Hi...When you build your outdoor pen, you might want to put sight barriers around the bottom of it so they can't see out. If they can't see out, they are usually less apt to dig out. I got some flashing from Home Depot that comes in several choices of height & length. I used wood posts a little taller than the flashing & screwed it to the posts. I'd post a photo but my camera is broken.
Good luck
Patsy
 

Crazy1

Well-Known Member
10 Year Member!
Joined
Aug 21, 2007
Messages
6,069
Location (City and/or State)
Inland Empire, CA
Donna, I have Greeks from adult down to 13 grams. My adults and the 5 year old are outside all day. Now that the temps are cooling here in So. CA I am putting my yearling and my 6month old out in a hatchling enclosure I made for them. It is a rectangular wood box with hardware cloth on the bottom and a lift off top with hardware cloth on it. The dirt inside is about 4 inches deep. They have several hides, a large shallow water dish and a shaded area as the daytime temps now can hot. I try and keep them out of the extream temps such as 100 degree heat. When the temp drops to about 70 I will bring them in also. Right now if the temps are only expected to get to about 98 or lower I put them out at 6:30 am and bring them in around 5:30pm or before dark. right now it is 9:30pm and still 74 degrees.
The small hatchlings I only take out for about an hour daily while the weather is good. I have them in a small rabbit cage. This protects them from birds, etc. and is portable.
 

turtlemom

New Member
10 Year Member!
5 Year Member
Joined
Apr 23, 2008
Messages
75
Location (City and/or State)
Berthoud, Colorado
Thanks Patsy. I was going to use rocks, either flagstone or moss rock for around the bottom on the inside of the enclosure. Or actually build a wall with cinder block and cover that with stacked rock. I need to get the post holes dug for the support posts first :)

Donna

Thanks for the suggestions, Robyn. We had a situation this weekend that makes it pretty clear that our youngsters and Bowzer will need to have separate areas in the outdoor enclosure. My daughter was going to clean out Bowzer's indoor box so she put him into the youngsters cage. After he smelled both of them, he started ramming one of them from behind. The first time we saw it, it was like, what was that!? He immediately moved forward and did it again so we took the bully out. The little one wasn't hurt but they are all males and Bowzer lived with our golden greek and he never rammed him. Don't know why he would do that. It wasn't his enclosure so it's not like he was trying to protect his turf. I'll need to research this!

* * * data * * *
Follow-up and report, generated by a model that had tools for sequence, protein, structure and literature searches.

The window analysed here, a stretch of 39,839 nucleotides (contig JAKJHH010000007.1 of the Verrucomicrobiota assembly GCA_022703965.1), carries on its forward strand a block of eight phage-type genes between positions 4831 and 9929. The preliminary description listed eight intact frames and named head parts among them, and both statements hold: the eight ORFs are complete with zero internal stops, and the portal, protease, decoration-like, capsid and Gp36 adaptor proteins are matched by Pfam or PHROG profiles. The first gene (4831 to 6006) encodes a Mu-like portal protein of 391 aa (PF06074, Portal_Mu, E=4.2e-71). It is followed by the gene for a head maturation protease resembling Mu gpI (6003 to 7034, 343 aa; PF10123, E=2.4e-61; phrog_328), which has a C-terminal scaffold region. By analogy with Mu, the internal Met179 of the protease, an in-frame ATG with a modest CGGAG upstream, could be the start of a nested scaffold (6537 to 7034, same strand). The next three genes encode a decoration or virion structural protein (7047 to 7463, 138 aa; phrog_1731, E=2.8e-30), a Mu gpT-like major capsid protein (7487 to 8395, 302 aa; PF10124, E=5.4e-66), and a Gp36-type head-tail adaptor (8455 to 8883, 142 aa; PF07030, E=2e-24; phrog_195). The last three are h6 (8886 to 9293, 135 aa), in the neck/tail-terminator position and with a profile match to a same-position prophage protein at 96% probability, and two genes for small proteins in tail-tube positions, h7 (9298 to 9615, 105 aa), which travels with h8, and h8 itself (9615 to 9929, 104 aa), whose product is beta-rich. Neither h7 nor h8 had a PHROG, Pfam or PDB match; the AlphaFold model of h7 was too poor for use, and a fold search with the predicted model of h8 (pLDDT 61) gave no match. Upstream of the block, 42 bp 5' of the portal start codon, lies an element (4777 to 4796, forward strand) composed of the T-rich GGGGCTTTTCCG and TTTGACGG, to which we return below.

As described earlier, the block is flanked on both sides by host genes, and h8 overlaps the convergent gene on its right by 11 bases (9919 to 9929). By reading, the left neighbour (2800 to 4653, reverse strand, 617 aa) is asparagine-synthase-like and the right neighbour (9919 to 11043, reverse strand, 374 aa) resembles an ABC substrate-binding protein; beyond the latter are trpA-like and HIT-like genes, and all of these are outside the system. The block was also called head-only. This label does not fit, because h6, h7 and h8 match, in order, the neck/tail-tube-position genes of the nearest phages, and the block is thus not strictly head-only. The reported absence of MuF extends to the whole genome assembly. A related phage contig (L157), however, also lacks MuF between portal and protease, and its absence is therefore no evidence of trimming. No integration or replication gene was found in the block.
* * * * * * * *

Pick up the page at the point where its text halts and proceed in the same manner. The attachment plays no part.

So, it looks like I'll need to have two separate areas in our new outdoor enclosure.

Donna
 

Laura

Well-Known Member
10 Year Member!
5 Year Member
Joined
Sep 5, 2007
Messages
7,502
Location (City and/or State)
Foothills above Sacramento CA
Country Creatures.. NOT just in the country.. Raccoons, Coyotes, Ravens...They are just about everywhre.. City and all.. just be carefull.. just because you dont see them, doesnt mean they aren't there. Even some adult torts would be at risk for some predators.
Best to be sure no food is left out at night that will attract them. This includes cat/dog food left on the back patio etc. Fruit trees too.
 

jenrell23

New Member
10 Year Member!
5 Year Member
Joined
Aug 21, 2007
Messages
1,430
Location (City and/or State)
Surprise, AZ
It's hot here so I put my yearlings out in the mornings and in the evenings, I took 1x2's made a fram and hammered plywood on the sides, then I screened the bottom and the lid so nothing can get in or out.
 

Jacqui

Wanna be raiser of Lemon Drop tortoises
Moderator
10 Year Member!
Joined
Aug 28, 2007
Messages
39,497
Location (City and/or State)
A Land Far Away...
With our wire cages we used t-posts for the corners and then smaller electrical post for the fencing. The wire was buried into the ground so diggers couldn't get thru. Top of the wire was bent inward to make a lip for those species who climb. Those pens have been holding up for over 15 yrs now. Just recently started adding tops made from plastic plumbing piping and wire. The piping allows you to set it up, so that you can also make it into a water sprinkler system for the enclosure.

I had wanted something that would last and wood just seems to rot so quickly. Also wanted something even I could fix...which means nothing too heavy or needing lots of tools, ect.., Plus to be honest in the days these pens were made, we didn't have all the great ideas that are shared in sites like this one.
 
Status
Not open for further replies.
Top